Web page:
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Washington Post
Perspective

A car accident cut this drummer’s career short. He wouldn’t let the music stop.
By John Kelly Columnist August 8

What did Alan do before he was flung from his seat and struck his head on the pillar of the car, severely bruising his spine between the C5 and C6 vertebra?

“I’m a musician,” Alan said. “I play the drums.”

“Well, I don’t think you’re going to be able to do that..,” the doctor said. “I think drummers need to use their legs.”

Alan played with various bands around Washington and twice won a DC101-sponsored “Best Drummer in D.C.” contest.

But the same way he’d become a drummer in the first place was how he became a drummer in the second place: He practiced.

Alan needed his right foot to [play] the bass drum thump. But…didn’t have the strength…

In 1992, Alan…donned a headset microphone attached to a computer module made by…Ddrum. By making a clicking sound with his tongue, Alan could trigger a digital bass drum sound through a set of speakers.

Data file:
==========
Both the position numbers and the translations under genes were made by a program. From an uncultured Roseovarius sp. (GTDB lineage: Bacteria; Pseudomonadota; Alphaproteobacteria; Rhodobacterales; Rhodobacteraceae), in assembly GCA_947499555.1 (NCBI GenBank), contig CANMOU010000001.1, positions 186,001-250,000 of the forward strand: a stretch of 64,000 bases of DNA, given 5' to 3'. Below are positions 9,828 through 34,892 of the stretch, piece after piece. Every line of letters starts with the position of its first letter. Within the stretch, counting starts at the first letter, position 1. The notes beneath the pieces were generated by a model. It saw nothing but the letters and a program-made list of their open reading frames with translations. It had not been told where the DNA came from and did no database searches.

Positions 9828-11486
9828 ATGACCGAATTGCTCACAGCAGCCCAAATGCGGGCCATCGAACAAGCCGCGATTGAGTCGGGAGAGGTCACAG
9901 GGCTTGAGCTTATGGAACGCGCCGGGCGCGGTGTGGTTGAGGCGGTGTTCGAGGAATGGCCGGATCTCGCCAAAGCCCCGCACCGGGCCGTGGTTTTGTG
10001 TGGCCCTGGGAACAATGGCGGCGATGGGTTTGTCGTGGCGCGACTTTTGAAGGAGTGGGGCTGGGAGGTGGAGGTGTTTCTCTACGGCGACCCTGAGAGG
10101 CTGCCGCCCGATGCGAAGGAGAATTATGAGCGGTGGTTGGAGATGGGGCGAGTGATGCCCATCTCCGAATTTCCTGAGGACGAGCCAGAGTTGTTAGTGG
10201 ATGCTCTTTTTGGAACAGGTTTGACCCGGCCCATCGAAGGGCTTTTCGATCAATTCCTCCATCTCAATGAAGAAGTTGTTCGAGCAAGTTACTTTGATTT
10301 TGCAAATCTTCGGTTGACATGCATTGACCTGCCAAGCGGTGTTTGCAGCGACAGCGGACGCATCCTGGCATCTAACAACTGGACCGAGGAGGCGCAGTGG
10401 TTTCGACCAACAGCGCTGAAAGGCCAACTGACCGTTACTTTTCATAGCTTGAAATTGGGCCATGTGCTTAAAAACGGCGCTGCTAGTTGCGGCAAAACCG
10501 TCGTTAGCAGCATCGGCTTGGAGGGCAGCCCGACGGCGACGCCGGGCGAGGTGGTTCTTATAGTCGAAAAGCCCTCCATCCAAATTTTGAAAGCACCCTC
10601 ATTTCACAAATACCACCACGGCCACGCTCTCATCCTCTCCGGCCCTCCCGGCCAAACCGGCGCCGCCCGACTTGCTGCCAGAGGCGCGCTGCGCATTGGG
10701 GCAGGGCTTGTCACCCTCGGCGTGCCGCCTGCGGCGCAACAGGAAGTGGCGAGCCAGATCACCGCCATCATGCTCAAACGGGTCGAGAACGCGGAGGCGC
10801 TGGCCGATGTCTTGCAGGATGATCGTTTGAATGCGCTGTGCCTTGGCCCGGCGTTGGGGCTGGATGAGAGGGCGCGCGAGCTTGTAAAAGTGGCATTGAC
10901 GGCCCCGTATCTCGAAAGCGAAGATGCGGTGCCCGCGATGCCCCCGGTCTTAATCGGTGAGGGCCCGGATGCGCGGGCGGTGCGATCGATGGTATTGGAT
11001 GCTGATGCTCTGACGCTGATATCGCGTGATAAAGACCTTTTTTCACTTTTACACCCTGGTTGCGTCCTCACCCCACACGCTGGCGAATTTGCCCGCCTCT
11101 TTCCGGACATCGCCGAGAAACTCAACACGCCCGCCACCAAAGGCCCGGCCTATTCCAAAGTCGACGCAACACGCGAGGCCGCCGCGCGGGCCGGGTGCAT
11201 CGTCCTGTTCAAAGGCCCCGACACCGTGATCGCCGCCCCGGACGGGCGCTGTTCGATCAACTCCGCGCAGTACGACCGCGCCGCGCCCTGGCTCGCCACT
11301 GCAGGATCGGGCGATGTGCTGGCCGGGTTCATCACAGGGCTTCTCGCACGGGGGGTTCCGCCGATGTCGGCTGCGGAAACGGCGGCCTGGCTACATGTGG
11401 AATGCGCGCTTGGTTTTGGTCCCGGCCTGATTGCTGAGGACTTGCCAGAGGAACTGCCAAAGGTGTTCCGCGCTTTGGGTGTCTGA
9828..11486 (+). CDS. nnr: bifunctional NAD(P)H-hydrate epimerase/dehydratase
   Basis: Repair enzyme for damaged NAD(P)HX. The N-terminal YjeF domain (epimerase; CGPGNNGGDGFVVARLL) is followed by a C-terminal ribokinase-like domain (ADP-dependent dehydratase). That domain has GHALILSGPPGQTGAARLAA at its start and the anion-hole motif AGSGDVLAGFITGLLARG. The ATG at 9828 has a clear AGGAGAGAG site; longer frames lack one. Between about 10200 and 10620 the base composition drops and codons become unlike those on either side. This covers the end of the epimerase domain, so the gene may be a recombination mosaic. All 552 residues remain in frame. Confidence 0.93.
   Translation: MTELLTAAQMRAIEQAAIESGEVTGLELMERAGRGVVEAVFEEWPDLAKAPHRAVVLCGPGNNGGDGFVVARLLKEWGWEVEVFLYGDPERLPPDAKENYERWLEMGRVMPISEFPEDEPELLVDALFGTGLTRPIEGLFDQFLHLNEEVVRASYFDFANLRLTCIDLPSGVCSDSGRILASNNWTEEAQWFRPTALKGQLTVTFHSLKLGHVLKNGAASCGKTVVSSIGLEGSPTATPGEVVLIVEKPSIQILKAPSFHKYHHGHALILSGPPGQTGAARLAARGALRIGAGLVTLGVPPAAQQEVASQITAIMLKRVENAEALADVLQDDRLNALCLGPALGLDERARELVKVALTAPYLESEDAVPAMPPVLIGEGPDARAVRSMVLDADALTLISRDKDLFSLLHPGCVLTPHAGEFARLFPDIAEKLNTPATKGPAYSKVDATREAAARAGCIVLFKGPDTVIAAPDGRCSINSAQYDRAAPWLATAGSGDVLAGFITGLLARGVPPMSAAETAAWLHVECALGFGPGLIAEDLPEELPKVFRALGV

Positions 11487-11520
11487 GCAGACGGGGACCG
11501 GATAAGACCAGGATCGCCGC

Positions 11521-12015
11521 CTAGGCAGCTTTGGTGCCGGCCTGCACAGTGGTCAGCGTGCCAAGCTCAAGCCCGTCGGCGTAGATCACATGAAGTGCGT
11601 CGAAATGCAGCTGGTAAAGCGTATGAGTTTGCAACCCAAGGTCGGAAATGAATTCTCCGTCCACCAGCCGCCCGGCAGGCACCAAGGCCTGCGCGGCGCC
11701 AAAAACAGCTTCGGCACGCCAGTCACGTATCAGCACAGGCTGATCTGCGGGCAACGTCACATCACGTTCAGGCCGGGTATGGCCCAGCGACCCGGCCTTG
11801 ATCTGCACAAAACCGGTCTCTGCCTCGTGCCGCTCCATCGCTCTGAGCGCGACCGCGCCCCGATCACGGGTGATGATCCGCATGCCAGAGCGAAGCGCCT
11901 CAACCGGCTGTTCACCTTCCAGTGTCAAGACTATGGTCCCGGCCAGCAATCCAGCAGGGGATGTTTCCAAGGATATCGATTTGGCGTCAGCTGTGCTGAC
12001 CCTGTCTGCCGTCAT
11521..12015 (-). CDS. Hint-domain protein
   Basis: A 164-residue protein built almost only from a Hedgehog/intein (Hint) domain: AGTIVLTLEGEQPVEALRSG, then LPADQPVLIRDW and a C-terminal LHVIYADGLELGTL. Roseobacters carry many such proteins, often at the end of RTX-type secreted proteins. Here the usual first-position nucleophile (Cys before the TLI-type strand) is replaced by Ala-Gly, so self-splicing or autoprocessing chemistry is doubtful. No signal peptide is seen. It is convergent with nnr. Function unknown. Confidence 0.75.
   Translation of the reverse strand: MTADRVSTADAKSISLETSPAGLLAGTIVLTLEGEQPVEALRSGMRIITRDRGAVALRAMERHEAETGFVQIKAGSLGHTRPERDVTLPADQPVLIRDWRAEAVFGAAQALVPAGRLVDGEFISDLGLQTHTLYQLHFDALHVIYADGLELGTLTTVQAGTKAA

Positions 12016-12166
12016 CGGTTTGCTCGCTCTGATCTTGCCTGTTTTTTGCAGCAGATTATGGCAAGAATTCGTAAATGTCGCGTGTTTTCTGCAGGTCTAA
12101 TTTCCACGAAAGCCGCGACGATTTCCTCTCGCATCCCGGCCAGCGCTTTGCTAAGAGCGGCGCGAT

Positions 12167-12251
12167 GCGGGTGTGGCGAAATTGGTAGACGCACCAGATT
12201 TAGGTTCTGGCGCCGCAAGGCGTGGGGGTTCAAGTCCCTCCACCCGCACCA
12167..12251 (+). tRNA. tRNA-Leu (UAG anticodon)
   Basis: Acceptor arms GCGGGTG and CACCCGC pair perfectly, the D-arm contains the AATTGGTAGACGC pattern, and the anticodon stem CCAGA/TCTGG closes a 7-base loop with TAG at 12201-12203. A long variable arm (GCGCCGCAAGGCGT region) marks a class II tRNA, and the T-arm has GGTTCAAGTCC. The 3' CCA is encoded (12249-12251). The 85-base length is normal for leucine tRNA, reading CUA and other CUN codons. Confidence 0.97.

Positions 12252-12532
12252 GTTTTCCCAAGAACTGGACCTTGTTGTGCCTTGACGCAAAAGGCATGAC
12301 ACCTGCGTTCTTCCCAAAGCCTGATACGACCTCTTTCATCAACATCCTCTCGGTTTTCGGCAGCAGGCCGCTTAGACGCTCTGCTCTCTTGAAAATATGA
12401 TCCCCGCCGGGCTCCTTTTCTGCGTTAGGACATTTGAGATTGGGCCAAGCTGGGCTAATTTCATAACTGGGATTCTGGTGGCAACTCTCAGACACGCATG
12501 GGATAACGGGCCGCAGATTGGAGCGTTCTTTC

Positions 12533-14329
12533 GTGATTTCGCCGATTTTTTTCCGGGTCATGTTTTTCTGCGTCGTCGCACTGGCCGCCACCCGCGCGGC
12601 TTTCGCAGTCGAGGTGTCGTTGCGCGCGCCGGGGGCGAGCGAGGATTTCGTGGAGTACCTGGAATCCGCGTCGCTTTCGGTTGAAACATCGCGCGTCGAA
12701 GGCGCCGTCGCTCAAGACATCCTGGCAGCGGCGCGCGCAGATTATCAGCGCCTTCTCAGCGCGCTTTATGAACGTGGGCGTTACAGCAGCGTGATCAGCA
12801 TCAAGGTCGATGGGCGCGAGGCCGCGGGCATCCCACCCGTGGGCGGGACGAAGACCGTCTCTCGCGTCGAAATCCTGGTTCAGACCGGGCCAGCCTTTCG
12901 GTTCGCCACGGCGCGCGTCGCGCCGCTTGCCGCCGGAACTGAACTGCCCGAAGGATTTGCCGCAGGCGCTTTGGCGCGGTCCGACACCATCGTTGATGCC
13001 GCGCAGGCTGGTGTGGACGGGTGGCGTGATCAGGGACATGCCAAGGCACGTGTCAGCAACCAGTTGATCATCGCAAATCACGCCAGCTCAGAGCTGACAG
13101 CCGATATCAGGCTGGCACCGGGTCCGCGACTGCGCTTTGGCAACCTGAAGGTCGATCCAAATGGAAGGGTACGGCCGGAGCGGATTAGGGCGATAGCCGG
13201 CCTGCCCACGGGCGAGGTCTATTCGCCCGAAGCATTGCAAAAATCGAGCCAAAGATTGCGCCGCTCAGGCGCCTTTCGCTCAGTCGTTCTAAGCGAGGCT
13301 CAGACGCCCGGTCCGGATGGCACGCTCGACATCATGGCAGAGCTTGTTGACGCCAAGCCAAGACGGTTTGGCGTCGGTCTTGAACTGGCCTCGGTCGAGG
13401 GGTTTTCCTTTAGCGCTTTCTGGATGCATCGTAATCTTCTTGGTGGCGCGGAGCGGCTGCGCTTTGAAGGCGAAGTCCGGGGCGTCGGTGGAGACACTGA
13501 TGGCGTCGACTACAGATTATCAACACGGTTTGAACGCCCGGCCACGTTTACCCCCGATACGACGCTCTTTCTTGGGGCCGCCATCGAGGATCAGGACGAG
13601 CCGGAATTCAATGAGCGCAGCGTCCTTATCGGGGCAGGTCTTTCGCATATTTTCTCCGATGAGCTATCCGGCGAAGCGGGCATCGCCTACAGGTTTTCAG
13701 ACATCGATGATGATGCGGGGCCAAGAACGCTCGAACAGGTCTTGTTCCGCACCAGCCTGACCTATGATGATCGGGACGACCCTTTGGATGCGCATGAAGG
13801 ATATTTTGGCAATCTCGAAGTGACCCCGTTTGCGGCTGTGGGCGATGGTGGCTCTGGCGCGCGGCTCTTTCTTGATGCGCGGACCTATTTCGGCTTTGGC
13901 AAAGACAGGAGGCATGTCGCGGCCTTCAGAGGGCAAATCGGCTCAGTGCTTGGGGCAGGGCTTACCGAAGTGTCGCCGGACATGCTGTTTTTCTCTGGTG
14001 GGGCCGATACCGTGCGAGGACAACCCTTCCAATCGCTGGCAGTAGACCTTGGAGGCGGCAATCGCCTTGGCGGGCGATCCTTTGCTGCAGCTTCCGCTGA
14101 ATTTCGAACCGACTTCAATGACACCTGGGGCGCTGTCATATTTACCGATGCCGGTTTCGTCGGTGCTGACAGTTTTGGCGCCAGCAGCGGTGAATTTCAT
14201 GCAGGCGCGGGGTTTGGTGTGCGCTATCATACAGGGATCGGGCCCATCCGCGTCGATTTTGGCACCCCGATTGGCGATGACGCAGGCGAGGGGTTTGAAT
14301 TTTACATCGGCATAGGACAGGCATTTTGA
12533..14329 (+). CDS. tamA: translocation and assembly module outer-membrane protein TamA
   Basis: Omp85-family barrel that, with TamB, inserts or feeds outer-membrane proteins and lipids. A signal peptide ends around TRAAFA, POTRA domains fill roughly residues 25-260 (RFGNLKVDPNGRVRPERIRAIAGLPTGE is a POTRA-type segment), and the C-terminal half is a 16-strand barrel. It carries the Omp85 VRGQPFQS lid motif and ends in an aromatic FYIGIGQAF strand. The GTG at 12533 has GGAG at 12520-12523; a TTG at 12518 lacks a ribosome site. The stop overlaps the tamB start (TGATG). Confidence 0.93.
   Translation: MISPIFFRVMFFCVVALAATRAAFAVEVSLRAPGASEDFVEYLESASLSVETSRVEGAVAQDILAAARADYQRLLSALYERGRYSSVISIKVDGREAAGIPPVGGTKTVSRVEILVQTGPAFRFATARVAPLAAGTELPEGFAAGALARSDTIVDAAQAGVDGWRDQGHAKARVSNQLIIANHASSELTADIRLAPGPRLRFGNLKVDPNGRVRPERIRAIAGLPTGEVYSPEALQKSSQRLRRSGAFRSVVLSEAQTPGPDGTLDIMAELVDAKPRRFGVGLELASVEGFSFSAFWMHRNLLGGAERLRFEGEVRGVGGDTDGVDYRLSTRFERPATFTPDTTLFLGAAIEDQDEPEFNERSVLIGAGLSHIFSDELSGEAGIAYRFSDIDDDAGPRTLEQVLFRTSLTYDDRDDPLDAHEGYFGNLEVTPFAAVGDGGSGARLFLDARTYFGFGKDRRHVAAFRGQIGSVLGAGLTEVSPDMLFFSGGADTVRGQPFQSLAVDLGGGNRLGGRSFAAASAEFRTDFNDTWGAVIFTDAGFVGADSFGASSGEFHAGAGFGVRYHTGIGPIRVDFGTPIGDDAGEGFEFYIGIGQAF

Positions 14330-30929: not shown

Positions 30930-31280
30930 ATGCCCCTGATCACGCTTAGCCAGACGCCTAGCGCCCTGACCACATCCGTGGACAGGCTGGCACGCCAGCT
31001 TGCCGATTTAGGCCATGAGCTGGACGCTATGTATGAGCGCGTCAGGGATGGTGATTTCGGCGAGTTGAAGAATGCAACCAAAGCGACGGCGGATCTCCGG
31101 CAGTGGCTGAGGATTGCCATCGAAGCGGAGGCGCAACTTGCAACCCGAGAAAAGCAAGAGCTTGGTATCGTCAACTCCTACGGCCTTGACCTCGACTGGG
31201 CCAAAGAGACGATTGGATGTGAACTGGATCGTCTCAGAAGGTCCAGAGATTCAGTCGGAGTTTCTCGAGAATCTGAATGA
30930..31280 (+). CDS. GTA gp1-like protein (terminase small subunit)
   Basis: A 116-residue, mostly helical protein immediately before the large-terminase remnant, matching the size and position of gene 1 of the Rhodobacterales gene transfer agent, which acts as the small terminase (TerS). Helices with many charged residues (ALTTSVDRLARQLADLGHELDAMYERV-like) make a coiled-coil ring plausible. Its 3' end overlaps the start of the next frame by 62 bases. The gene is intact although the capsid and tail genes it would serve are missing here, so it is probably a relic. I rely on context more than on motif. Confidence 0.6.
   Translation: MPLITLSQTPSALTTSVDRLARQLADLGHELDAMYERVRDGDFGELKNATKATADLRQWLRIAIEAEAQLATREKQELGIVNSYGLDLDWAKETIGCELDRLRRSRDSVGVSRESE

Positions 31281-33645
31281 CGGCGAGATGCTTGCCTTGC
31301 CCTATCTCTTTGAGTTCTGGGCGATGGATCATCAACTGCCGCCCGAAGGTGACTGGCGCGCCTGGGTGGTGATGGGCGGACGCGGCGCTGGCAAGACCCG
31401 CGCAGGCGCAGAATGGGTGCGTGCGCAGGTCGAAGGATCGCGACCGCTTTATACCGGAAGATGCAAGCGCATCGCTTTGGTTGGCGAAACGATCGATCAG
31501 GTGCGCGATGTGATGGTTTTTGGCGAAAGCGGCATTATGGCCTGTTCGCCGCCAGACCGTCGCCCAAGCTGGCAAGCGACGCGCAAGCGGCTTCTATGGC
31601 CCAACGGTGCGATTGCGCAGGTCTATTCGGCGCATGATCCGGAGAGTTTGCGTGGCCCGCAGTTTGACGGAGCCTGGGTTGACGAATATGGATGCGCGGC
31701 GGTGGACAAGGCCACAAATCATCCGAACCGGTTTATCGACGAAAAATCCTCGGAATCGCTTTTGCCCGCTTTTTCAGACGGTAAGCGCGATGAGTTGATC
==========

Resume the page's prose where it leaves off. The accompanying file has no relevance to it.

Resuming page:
He was a complete drummer again.

Full Story

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Steve Hideg: Pursuing Freedom Through Jazz Drumming

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SKF NOTE: Take a moment to read Steve Hideg’s, Neither Bills Nor Advancing Age Can Dim the Glow of a Drummer’s Dream,  and watch the accompanying video. I almost didn’t. That would’ve been my loss. For me, Mr. Hideg’s story is as much about loving freedom as it is about drumming. Although, in Mr. Hideg’s case, his lifelong struggle to play “American jazz” on his drumset is about his love and pursuit of freedom.

Thank you, Kat Chester, for bringing Mr. Hideg’s story to my attention. Thank you to the dedicated members of DrumForum.org who also find true inspiration in Steve Hideg’s story. Readers can follow updates on a GoFundMe campaign Tim Lawler started to help Mr. Hideg.

Finally, thank you, columnist Steve Lopez and photographer Francine Orr of the Los Angeles Times for their insight in telling Steve Hideg’s story.

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Name the Drummer, Solve a Mystery

2017_07_06_16_08_59SKF NOTE: Thanks in advance to the person who solves this mystery.